The infrastructure around us is one of our most vital assets. We can’t afford to ignore it any longer.
When I entered office in 2011, our city faced a $6 billion maintenance backlog. Why? Because it’s not the politically easy route to propose shared investment and long-term results. And I think what we need in order to keep our city’s momentum going is more leadership and less politics.
That’s why I firmly believe that on Tuesday, voting yes on Questions 1, 2 and 3 is the right thing to do for our city.
But that’s not just my opinion. It’s the work that residents want done. You want City Hall to address streets, sidewalks, flooding and aging buildings. Over 20 years, the $800 million general obligation, or GO, bonds prioritize projects that consistently rank at the top of citizen satisfaction surveys.
So the city manager and I, along with the City Council, went to work last year putting a plan together. It’s comprehensive, responsible, transparent and addresses vital basic infrastructure needs.
Each year, the city will produce a public report card that accounts for the work we did and the costs, along with what projects will be addressed and projected costs for the coming year.
Over 20 years at approximately $40 million per year, this plan asks everyone in the city to invest through an annual property tax increase on both residential and commercial properties.
This plan is the lowest, slowest payment method possible. The average residential property owner, with a $140,000 house and a $15,000 car, would see an increase in their property taxes each year for 20 years. That property would see an average of $8 added to their property tax each year. In year 20 that property owner would pay an average of $160 more than they pay today.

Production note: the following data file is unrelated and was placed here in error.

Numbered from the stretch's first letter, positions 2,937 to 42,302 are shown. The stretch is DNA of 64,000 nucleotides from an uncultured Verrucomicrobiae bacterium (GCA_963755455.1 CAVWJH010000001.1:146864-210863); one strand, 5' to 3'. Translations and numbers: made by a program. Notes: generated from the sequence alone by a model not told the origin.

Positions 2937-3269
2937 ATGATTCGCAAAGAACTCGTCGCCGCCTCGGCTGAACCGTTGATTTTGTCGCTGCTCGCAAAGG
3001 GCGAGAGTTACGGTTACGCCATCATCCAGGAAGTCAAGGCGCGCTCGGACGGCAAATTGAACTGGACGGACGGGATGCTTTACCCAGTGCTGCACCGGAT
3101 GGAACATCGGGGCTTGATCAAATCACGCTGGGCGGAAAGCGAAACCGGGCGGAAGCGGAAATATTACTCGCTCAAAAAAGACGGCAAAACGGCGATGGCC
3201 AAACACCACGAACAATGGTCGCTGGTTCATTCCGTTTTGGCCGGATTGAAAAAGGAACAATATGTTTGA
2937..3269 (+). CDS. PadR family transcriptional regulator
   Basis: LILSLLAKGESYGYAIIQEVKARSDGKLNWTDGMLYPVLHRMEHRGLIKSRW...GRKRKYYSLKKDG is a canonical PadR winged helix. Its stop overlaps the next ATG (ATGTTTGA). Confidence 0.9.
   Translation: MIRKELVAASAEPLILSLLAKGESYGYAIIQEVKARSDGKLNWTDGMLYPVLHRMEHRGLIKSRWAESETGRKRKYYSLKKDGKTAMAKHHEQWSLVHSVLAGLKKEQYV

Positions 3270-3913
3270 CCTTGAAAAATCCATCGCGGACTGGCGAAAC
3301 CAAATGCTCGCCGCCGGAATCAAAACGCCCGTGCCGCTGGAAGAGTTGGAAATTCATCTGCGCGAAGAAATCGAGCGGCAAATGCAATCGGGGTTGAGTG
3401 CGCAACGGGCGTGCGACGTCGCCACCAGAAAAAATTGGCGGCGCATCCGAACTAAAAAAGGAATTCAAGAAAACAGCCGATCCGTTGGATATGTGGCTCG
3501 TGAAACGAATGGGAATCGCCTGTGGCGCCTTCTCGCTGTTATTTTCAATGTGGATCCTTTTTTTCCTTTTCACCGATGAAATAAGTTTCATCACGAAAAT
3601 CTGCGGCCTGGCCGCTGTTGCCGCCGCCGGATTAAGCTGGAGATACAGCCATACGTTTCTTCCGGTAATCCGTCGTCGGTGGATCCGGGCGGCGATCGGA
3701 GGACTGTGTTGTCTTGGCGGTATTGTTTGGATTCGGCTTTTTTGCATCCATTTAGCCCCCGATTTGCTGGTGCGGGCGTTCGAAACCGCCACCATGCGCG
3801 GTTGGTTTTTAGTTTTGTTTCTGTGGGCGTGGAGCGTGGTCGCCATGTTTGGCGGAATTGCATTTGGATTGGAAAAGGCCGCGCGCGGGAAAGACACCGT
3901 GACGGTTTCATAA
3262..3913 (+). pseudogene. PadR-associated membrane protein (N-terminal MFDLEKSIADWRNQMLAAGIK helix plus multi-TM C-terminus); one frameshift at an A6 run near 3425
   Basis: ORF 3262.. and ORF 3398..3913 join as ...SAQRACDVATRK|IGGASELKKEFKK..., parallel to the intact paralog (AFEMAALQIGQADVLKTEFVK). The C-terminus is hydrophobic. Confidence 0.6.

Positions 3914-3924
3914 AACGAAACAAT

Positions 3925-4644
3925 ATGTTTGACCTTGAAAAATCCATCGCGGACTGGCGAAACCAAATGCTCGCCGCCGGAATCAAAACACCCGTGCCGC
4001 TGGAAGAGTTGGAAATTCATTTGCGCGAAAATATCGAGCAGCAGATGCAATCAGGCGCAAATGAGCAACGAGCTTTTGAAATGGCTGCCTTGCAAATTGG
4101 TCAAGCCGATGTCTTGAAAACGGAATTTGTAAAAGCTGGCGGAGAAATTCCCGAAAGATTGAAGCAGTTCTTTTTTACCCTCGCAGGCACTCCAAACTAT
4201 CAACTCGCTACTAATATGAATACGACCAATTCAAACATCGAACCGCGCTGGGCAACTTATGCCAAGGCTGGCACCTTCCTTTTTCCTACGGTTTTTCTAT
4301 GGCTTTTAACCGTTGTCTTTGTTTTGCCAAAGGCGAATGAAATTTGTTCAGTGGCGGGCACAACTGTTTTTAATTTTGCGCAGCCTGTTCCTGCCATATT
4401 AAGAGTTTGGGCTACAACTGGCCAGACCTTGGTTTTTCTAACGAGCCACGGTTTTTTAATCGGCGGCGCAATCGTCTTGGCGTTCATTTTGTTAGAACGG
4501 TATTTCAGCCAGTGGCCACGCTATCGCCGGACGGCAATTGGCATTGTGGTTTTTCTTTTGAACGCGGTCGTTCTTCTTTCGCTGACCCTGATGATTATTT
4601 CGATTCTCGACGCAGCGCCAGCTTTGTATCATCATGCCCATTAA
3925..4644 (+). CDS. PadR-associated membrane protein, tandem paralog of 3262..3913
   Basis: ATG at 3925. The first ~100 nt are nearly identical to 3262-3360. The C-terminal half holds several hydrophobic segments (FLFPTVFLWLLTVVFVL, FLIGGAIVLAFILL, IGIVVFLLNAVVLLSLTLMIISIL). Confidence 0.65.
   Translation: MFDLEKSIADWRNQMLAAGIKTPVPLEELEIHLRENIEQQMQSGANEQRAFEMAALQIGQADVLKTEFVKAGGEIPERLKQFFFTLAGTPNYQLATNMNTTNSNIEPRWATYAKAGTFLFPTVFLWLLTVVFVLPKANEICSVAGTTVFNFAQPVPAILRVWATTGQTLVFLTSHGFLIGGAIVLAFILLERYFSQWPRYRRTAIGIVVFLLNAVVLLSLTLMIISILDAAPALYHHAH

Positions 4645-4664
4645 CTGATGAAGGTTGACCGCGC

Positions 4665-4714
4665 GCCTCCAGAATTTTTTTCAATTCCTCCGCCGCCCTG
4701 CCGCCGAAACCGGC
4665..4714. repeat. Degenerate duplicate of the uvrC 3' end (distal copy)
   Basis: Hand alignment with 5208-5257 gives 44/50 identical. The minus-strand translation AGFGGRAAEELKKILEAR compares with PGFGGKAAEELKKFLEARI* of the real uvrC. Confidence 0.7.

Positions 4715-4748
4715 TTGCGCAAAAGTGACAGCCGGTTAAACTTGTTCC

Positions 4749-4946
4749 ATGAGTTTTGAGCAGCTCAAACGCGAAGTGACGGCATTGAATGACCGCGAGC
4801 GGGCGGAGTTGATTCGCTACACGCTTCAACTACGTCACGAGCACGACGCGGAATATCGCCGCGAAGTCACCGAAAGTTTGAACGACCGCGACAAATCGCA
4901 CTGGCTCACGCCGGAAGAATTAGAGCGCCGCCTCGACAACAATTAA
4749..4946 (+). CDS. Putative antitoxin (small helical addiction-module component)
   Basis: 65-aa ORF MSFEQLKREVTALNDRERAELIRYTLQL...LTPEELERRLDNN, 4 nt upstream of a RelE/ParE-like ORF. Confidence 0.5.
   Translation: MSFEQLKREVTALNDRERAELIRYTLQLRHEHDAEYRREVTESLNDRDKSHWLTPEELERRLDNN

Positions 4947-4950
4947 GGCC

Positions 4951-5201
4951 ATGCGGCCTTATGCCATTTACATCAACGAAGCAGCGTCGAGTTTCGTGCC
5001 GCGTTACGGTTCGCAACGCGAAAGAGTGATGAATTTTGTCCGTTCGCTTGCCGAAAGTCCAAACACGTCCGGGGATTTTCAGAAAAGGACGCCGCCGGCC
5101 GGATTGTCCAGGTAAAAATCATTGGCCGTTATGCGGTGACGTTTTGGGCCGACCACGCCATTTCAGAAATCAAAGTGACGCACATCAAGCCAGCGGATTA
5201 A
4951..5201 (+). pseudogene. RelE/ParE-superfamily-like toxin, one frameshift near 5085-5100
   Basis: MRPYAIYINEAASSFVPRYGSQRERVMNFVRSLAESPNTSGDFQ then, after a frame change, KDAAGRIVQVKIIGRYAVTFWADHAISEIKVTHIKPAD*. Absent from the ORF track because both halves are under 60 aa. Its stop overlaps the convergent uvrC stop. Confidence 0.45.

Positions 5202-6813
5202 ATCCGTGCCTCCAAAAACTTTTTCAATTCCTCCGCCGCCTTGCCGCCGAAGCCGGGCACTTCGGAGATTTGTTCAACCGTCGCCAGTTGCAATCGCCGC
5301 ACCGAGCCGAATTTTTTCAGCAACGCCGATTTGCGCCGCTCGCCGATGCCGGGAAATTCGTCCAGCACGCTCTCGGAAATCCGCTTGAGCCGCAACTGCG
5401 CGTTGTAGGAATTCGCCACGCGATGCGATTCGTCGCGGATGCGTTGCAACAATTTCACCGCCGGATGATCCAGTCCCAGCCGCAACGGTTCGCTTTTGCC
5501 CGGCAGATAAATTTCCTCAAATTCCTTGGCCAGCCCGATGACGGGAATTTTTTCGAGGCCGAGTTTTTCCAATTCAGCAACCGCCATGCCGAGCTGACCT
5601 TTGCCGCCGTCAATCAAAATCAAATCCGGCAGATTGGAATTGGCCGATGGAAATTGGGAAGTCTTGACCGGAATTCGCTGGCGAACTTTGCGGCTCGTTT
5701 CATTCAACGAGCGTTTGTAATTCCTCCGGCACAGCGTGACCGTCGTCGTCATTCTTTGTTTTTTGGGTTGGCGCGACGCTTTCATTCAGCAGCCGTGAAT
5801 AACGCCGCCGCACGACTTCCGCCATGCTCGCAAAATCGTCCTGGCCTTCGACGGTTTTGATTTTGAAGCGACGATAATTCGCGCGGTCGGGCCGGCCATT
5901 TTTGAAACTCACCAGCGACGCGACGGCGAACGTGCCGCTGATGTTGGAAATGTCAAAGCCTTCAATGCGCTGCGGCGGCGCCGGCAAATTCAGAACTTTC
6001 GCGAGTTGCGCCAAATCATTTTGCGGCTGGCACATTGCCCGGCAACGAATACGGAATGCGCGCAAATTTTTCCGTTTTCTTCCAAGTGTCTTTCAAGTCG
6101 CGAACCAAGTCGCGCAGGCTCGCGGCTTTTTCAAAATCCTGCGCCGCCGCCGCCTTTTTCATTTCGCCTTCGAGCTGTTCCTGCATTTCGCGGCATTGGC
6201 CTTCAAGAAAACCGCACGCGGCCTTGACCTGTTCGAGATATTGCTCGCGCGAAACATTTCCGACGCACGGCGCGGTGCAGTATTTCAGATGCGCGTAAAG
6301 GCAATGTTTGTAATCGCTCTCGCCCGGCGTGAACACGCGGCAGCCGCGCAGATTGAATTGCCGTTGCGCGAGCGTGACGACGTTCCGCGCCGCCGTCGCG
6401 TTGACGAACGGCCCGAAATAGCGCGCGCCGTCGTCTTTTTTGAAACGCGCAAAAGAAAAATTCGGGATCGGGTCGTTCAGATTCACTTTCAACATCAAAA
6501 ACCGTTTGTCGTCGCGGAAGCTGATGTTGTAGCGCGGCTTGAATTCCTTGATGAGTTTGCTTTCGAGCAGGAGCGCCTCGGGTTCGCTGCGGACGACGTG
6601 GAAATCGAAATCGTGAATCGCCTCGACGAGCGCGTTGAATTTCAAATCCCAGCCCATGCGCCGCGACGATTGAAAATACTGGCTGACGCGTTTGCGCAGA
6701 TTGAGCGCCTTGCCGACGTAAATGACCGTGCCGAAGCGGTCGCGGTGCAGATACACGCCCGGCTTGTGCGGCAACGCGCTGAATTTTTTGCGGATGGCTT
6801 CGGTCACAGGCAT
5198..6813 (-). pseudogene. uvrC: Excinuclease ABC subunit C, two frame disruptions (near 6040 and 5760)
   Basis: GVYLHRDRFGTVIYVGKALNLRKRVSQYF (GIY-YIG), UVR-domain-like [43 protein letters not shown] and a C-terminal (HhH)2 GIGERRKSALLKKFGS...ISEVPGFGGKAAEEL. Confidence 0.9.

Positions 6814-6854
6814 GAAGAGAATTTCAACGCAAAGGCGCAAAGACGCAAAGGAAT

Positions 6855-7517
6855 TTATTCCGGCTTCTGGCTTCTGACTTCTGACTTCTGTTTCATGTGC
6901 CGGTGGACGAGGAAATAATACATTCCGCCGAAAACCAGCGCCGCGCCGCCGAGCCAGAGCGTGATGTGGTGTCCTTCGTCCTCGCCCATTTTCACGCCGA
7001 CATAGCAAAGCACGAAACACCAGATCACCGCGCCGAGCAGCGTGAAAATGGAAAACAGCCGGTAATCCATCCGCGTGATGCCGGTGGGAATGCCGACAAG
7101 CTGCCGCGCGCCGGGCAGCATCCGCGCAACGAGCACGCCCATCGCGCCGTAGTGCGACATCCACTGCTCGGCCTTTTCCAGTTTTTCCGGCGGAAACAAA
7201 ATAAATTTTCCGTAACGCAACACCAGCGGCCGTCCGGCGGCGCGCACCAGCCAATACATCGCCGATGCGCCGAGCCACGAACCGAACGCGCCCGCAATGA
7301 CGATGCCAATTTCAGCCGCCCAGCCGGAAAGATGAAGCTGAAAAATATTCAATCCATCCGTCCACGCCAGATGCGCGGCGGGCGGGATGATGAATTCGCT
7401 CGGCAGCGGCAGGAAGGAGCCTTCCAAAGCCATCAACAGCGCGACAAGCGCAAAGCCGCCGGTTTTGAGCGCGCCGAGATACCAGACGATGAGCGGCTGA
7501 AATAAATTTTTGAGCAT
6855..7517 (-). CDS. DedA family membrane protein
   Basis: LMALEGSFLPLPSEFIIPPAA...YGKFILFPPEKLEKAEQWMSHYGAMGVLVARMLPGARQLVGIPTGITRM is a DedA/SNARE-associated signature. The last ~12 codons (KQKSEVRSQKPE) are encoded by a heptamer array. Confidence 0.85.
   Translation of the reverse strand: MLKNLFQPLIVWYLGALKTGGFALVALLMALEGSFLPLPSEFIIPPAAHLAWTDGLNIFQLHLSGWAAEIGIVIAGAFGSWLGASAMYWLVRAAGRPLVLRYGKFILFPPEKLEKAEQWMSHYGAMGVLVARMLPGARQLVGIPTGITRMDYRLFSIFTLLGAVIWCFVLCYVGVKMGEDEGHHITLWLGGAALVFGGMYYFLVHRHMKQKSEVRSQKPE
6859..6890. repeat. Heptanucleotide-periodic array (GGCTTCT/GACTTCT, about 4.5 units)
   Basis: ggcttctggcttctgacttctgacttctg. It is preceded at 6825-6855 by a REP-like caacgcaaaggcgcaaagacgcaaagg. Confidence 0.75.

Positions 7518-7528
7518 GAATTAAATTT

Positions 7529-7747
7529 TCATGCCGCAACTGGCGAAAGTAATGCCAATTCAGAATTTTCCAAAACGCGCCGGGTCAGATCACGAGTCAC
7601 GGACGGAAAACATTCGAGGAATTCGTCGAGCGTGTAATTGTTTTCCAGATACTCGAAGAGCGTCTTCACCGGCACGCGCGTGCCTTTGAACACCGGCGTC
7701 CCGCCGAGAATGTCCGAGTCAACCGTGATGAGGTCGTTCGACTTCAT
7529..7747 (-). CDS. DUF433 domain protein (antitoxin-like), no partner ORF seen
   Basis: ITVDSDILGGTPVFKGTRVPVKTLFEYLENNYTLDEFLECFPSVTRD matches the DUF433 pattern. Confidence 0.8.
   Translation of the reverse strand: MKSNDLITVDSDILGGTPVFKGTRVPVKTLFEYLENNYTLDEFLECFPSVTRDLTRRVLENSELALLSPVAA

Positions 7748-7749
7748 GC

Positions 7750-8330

Bottom line: We all share in the infrastructure, and this plan ensures that we all share in providing the resources necessary to tackle long-standing needs in all corners of the city. The cost of doing nothing far outweighs the cost of our shared investment.
Roads and bridges have been under-maintained for decades. Businesses in low-lying industrial areas have moved out of town because of repeated flooding.
Our city’s animal shelter is actually a repurposed storage warehouse used during the 1960s. We have city buildings built in the 1920s that people with disabilities simply cannot access because they are not ADA compliant. This is not simply a federal mandate, but a moral mandate as well.
The plan will also establish a citywide systematic sidewalk repair program, meaning property owners will no longer have to cover these costs out of pocket. This sidewalk program can amount to thousands of dollars in savings to property owners.
These are the things to which a world-class city commits. Fixing our infrastructure might not be good politics, but it is very good policy.
That’s why I’ve been willing to make the case directly to you, the residents. I have taken part in dozens of public forums since January and answered questions from hundreds of residents.
The thing is, I love doing it because the rooms are full, the questions are sincere, and you deserve to know how your dollars will be spent.
I have faith in the people of this city to understand this need to come together, roll up our sleeves, and engage in the hard work of progress.
If this was easy, it would have been done already. This is our opportunity to do what’s best for future generations.
Sly James is mayor of Kansas City.